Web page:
Too postdigital

Back in 2009 I was one of a group of men with the time and money to get together and attempt to make sense of what was going on with digital technology and the Web. What we came up with was the notion of the postdigital – the original proposition is here: Preparing for the postdigital era.  

It’s a short document which explains a simple idea: now that digital tech and the network are so prevalent our thinking should go beyond the tech in-of-itself and focus on the way our interactions are played out in/on the digital.

For me the idea was a useful counter to techno-centred narratives of the time which pushed new platforms such as Facebook and Twitter as things everyone should ‘get into’ but without really discussing why. It all felt highly uncritical and implied that the tech, rather than those using the tech, was ushering in a new era. I was bored of talking about how ‘revolutionary’ technology was and saw the postdigital concept as a good way to take a shortcut past the shiny surface of the machine to discuss what might be happening in socio-cultural terms.

At the time the idea was met with a mixture of mild confusion and ambivalence. Broadly it was misunderstood as an attempt to negate the importance or existence of the digital and just an exercise in coining a phrase. It appeared we had decided that just at the moment digital went mainstream we thought it would be radical to not-talk-about digital. There is some truth in this but things have moved on…

So now, in 2019, the notion of the postdigital has gained some ground. Not necessarily as a response to our original paper but in parallel and in a number of locations. One of these locations is the newly founded journal of Postdigital Science and Education edited by Petar Jandrić. Petar discovered our paper along with some later reflections and requested that the group revisited the theme a decade after its inception.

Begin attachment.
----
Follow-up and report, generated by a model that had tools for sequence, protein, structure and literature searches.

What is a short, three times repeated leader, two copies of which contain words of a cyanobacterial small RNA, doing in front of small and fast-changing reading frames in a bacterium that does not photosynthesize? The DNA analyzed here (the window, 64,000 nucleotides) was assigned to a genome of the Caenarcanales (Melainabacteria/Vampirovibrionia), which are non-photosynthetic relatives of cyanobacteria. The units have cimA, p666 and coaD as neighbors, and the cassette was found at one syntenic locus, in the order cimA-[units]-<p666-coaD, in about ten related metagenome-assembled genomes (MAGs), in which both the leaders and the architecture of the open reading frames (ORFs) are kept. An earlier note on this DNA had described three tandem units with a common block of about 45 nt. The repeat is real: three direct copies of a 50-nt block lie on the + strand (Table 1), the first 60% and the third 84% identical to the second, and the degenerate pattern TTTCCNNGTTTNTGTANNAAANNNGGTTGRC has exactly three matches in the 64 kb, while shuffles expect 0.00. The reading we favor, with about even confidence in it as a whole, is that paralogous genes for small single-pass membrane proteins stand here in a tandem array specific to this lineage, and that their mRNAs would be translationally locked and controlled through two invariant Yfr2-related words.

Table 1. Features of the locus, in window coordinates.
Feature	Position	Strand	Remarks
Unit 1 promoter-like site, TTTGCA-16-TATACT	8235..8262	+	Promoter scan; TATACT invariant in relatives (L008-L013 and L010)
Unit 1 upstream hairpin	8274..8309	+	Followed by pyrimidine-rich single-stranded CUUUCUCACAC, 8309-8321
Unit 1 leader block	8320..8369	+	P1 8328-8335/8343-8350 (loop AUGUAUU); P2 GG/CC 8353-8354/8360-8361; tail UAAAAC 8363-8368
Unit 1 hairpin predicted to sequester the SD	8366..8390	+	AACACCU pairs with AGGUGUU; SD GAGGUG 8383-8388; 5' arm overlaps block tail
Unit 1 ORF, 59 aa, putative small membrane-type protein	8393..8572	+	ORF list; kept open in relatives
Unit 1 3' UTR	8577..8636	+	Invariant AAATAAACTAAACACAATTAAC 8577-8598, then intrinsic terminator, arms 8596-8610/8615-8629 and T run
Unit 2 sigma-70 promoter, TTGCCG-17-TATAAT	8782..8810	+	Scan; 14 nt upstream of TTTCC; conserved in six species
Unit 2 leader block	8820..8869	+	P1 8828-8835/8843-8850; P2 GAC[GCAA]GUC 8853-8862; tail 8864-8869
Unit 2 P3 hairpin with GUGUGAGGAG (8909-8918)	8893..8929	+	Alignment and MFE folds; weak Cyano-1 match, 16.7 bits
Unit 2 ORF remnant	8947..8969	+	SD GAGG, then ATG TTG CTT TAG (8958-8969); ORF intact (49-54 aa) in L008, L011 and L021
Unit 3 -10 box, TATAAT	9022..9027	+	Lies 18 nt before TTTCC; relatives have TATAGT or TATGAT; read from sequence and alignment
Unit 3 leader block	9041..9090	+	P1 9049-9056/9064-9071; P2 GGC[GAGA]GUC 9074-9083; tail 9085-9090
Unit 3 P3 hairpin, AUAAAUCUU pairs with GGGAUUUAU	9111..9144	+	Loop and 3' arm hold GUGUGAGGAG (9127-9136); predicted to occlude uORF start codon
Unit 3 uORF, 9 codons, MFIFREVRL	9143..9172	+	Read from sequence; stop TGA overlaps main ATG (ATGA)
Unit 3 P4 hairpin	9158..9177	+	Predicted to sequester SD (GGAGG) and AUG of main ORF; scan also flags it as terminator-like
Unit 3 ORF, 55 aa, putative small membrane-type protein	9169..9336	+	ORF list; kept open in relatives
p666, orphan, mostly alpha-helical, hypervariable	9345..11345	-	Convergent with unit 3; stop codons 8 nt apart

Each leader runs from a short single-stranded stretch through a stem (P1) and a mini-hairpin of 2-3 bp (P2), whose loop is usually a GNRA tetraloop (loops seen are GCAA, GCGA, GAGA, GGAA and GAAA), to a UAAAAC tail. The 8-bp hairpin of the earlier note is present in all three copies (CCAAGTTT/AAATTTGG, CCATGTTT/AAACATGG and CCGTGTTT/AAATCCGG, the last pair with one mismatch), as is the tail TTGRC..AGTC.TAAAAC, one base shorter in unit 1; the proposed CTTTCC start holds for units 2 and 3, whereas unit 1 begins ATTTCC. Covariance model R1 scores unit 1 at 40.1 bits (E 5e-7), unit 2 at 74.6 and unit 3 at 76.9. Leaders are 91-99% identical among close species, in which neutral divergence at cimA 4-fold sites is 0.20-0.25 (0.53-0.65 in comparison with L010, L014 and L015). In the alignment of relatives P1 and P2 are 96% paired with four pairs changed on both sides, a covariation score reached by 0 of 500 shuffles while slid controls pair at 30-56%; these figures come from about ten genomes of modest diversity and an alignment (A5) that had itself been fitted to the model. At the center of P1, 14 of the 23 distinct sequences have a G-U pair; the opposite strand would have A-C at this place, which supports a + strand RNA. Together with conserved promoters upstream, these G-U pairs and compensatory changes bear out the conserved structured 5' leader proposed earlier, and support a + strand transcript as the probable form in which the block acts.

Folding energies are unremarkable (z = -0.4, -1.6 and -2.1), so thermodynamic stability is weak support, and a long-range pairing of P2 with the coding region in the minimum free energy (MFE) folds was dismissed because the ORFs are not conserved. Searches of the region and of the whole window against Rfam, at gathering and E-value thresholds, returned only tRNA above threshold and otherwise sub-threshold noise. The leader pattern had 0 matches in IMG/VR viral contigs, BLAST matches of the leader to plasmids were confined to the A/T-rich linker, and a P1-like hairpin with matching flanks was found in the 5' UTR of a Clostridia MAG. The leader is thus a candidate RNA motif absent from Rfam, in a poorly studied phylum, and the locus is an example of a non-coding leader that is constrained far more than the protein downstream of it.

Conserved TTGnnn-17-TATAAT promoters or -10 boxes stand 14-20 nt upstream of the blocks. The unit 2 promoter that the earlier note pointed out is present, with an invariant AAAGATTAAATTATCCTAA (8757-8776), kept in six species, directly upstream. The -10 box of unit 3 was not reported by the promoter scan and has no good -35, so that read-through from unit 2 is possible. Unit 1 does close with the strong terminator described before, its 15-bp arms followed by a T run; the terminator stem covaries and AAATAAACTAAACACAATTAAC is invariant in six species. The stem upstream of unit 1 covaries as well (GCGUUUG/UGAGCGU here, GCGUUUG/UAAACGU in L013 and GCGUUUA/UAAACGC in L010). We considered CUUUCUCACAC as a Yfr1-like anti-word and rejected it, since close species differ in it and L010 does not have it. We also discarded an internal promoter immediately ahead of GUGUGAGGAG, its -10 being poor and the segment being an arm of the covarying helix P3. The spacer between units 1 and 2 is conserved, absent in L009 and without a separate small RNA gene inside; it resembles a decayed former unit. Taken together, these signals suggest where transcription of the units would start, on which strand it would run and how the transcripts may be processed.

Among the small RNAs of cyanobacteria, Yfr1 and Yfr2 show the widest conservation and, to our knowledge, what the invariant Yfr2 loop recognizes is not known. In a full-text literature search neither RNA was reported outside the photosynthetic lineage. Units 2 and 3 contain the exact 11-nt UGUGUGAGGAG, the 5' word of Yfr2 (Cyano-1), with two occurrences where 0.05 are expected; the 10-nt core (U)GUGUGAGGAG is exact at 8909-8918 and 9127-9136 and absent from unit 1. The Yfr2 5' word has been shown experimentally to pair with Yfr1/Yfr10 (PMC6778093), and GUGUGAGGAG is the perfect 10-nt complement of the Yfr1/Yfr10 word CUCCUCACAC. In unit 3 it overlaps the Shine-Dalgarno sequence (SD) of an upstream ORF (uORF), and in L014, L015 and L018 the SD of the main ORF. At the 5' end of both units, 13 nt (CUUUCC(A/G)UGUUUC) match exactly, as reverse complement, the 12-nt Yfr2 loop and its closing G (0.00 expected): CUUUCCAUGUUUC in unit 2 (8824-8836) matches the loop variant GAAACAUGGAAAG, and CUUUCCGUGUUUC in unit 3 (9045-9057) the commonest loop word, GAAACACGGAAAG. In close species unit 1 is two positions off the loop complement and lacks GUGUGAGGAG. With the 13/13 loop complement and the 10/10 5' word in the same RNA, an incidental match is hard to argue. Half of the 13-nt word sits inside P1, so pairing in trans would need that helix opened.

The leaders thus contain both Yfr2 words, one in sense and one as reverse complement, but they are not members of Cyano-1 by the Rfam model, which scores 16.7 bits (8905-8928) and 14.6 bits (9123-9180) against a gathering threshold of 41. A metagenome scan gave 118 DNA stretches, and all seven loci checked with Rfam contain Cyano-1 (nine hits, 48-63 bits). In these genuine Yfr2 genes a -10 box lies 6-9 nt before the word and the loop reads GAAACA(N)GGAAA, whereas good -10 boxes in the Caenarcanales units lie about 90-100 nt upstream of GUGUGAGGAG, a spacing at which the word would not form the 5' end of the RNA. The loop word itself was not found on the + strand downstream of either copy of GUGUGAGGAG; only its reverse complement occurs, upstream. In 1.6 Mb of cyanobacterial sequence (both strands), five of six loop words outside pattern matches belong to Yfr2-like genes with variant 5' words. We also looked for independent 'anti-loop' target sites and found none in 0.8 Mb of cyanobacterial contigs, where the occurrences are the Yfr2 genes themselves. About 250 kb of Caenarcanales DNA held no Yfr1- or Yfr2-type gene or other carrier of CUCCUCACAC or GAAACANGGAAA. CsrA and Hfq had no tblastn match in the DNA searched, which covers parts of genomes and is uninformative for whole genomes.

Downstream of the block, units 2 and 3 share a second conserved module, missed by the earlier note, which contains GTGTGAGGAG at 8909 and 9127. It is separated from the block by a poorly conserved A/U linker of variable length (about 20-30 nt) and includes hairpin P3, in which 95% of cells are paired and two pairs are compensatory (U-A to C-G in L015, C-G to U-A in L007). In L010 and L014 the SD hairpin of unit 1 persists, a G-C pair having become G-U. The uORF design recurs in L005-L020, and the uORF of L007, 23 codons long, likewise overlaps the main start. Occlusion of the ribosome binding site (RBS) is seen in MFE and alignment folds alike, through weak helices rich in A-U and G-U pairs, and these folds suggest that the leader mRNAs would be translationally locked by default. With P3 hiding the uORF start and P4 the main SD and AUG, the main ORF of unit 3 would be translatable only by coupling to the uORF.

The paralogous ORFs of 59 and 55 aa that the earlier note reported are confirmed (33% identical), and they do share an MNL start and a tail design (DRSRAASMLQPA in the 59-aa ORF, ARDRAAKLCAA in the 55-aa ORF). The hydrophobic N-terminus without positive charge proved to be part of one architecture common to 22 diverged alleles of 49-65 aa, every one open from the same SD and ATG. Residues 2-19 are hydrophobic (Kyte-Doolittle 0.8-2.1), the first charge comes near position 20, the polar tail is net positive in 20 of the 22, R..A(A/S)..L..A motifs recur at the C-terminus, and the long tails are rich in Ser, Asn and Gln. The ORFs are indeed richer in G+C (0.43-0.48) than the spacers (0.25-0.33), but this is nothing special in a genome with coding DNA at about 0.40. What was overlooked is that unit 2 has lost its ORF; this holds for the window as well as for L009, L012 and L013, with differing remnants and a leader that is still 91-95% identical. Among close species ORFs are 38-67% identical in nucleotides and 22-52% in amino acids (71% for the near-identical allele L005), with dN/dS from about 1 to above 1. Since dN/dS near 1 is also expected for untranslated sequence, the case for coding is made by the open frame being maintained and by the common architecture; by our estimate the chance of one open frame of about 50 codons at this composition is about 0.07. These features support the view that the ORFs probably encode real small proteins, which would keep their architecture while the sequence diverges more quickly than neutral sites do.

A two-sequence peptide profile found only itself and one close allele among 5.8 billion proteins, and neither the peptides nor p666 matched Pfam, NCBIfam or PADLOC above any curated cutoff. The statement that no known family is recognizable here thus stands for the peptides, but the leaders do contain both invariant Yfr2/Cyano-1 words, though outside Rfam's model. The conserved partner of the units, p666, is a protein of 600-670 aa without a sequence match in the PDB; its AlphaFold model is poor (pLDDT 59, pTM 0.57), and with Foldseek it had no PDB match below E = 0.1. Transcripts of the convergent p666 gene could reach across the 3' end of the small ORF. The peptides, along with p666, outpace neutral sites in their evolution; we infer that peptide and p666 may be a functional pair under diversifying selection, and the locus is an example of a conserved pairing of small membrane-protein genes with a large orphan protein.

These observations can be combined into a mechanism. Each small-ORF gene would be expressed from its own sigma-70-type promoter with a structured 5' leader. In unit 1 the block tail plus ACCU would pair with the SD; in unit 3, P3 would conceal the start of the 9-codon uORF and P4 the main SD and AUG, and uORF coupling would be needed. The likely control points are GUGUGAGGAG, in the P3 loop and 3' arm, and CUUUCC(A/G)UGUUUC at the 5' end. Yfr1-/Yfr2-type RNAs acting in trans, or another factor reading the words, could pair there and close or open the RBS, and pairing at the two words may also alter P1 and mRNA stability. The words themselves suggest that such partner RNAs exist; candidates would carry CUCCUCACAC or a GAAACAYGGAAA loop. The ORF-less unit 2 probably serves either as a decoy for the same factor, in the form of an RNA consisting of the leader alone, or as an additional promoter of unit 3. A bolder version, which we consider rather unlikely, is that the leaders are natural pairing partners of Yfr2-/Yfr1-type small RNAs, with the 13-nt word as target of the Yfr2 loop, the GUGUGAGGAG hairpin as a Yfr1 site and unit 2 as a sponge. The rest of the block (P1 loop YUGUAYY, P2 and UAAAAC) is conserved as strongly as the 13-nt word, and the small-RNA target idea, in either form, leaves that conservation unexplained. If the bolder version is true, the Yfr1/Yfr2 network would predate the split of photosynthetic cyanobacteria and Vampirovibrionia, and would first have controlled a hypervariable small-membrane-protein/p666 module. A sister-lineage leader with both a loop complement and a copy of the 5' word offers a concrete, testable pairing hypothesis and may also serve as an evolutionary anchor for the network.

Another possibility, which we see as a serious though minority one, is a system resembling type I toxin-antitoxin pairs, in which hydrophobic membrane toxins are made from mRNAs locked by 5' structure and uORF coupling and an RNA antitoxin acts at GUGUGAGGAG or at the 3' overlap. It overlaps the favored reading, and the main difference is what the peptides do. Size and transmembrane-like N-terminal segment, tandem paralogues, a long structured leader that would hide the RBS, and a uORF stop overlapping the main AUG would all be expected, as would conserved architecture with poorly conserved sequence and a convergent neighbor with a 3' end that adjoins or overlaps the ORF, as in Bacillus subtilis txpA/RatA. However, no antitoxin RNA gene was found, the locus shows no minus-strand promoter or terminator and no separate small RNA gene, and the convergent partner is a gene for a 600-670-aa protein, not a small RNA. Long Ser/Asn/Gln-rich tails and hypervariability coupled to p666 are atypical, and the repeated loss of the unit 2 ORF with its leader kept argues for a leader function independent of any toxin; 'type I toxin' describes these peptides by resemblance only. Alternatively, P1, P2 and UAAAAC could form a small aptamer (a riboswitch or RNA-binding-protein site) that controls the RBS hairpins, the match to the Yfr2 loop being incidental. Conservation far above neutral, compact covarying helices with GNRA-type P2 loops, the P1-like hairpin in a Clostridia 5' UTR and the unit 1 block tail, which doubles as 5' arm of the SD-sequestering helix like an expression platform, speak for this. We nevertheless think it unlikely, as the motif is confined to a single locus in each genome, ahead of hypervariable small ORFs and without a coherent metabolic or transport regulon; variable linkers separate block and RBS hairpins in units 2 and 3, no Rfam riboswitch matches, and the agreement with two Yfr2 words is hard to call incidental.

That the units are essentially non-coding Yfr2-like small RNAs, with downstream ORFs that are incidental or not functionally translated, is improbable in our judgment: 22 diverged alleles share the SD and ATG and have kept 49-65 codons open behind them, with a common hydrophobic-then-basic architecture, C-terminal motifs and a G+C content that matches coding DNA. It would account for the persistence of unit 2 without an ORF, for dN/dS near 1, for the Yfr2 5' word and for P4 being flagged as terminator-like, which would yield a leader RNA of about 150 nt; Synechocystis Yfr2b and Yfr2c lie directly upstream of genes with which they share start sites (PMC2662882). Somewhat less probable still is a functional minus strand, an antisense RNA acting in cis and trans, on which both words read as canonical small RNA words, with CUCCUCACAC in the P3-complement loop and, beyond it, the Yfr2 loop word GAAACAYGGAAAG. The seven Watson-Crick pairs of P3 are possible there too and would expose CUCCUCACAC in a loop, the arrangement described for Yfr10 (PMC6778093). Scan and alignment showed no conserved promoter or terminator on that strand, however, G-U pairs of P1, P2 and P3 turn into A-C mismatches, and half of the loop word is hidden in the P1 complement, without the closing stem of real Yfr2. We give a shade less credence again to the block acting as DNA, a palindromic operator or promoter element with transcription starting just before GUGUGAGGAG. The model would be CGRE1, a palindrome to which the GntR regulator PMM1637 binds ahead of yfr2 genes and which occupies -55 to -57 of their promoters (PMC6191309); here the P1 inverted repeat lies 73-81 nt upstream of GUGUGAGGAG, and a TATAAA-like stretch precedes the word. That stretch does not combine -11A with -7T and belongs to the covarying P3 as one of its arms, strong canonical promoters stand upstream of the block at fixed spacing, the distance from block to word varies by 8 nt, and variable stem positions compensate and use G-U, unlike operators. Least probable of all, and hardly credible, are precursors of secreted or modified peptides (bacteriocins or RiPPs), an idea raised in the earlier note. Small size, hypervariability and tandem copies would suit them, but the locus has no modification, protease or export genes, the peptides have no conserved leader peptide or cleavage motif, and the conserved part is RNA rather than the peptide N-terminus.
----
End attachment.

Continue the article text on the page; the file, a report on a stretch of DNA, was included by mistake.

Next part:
The group is currently posting their 2019 reflections:

Postdigital in 2019

There is much discussion of how the technology is becoming ‘transparent’ in the 2009 paper. This transparency is framed as an opportunity to be less tech, and more person-centric when considering digital. In 2019 we are unknowingly postdigital, not because our tech objects have become transparent but because the network they are part of is not, and never has been, visible. We don’t ‘see’ the infrastructure because we are still enthralled by the obscuring new-shiny surfaces of our phones/laptops/tablets/tvs. We are happy to swap understanding for ‘intuitive’, ‘frictionless’ and convenient tech. This is reasonable but dangerous.